Journal Article

Survival Benefits With Diverse Chemotherapy Regimens for Ovarian Cancer: Meta-analysis of Multiple Treatments

Maria Kyrgiou, Georgia Salanti, Nicholas Pavlidis, Evangelos Paraskevaidis and John P. A. Ioannidis

in JNCI: Journal of the National Cancer Institute

Volume 98, issue 22, pages 1655-1663
Published in print November 2006 | ISSN: 0027-8874
Published online November 2006 | e-ISSN: 1460-2105 | DOI:
Survival Benefits With Diverse Chemotherapy Regimens for Ovarian Cancer: Meta-analysis of Multiple Treatments

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Background: Numerous randomized trials have compared different chemotherapy regimens in women with ovarian cancer. Although ovarian cancer survival has improved in recent years, the magnitude of these incremental benefits across diverse regimens is unclear. Methods: We used multiple-treatment meta-analysis methodology to combine information from direct and indirect comparisons of all chemotherapy regimens used in randomized trials of ovarian cancer in the last 40 years. Chemotherapy was categorized by the use or not of platinum and/or taxanes, combinations of agents, and intraperitoneal administration. Monte Carlo simulations were used to determine which regimen most improved survival. Analyses of trials that examined first- and second-line treatments were also performed separately. Results: We found 198 trials (N = 38 440 women) involving 120 different chemotherapy regimens published in 1971–2006. Eighty-two trials compared different types of chemotherapy, among which 60 had usable survival information (N = 15 609 women). Monte Carlo simulations showed a 92% probability that the regimen that best prolonged survival is a platinum and taxane combination with intraperitoneal administration; this regimen resulted in a 55% relative risk reduction (95% confidence interval [CI] = 39% to 67%) for mortality as compared with nonintraperitoneal monotherapy using neither platinum nor taxane. Against that same monotherapy comparator, platinum-based combinations with and without intraperitoneal administration achieved 40% (95% CI = 21% to 54%) and 30% (95% CI = 20% to 38%) relative risk reductions for mortality, respectively, and combinations involving platinum and taxane without intraperitoneal administration achieved a 42% (95% CI = 31% to 51%) relative risk reduction. Results were similar when analyses were limited to first-line treatment. Data on second-line treatment were consistent with the superiority of platinum and taxane combinations. Conclusions: Distinct incremental improvements in survival have been achieved for ovarian cancer chemotherapy over time, with the possibility to achieve a doubling or more of time to mortality with platinum and taxane combinations, especially when intraperitoneal administration is used.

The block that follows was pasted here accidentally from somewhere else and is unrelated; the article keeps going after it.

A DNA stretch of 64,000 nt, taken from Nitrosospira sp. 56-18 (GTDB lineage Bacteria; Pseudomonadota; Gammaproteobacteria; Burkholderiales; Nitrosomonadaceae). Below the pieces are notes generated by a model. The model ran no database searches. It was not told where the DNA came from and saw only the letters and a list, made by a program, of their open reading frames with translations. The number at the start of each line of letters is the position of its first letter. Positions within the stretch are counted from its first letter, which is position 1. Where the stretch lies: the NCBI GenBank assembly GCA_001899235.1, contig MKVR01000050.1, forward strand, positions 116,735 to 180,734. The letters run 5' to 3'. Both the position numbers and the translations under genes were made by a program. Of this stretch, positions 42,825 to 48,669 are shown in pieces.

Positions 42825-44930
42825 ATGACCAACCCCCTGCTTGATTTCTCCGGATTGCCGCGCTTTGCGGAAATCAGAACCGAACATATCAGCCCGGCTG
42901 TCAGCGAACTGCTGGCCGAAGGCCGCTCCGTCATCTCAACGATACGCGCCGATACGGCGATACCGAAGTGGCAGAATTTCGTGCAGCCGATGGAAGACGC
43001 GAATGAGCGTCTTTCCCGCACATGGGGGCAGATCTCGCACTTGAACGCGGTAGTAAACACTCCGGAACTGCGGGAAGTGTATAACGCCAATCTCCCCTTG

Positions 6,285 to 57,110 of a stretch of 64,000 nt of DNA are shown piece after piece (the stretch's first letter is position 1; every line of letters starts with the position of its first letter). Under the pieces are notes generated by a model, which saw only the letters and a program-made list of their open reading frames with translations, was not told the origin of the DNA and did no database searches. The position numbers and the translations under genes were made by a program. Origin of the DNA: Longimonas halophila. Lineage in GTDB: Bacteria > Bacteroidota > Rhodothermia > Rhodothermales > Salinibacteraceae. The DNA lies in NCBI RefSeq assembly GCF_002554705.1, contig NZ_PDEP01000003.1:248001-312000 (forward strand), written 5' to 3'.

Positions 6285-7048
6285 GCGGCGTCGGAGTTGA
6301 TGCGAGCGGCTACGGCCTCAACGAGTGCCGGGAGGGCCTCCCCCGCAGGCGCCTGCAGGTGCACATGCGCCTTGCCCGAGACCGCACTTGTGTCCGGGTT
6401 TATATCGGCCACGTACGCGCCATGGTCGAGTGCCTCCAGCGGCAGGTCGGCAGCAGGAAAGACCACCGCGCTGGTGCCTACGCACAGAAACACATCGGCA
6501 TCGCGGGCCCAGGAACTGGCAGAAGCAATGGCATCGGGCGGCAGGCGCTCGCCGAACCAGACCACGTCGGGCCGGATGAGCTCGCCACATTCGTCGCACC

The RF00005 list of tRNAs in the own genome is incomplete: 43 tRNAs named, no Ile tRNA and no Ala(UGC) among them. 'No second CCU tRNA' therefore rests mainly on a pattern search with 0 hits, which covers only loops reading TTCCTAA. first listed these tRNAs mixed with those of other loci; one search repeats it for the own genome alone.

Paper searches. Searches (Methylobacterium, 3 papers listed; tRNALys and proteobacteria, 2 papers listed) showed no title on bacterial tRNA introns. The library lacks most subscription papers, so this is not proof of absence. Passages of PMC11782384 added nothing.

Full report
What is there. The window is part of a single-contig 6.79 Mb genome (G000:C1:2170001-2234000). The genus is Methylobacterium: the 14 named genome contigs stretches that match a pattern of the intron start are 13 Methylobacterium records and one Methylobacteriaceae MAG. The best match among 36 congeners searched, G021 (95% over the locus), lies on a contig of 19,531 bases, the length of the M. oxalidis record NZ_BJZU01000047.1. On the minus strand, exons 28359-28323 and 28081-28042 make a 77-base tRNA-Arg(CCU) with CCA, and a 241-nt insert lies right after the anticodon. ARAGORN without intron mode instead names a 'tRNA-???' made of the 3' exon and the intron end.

Journal Article.  5717 words.  Illustrated.

Subjects: Medical Oncology

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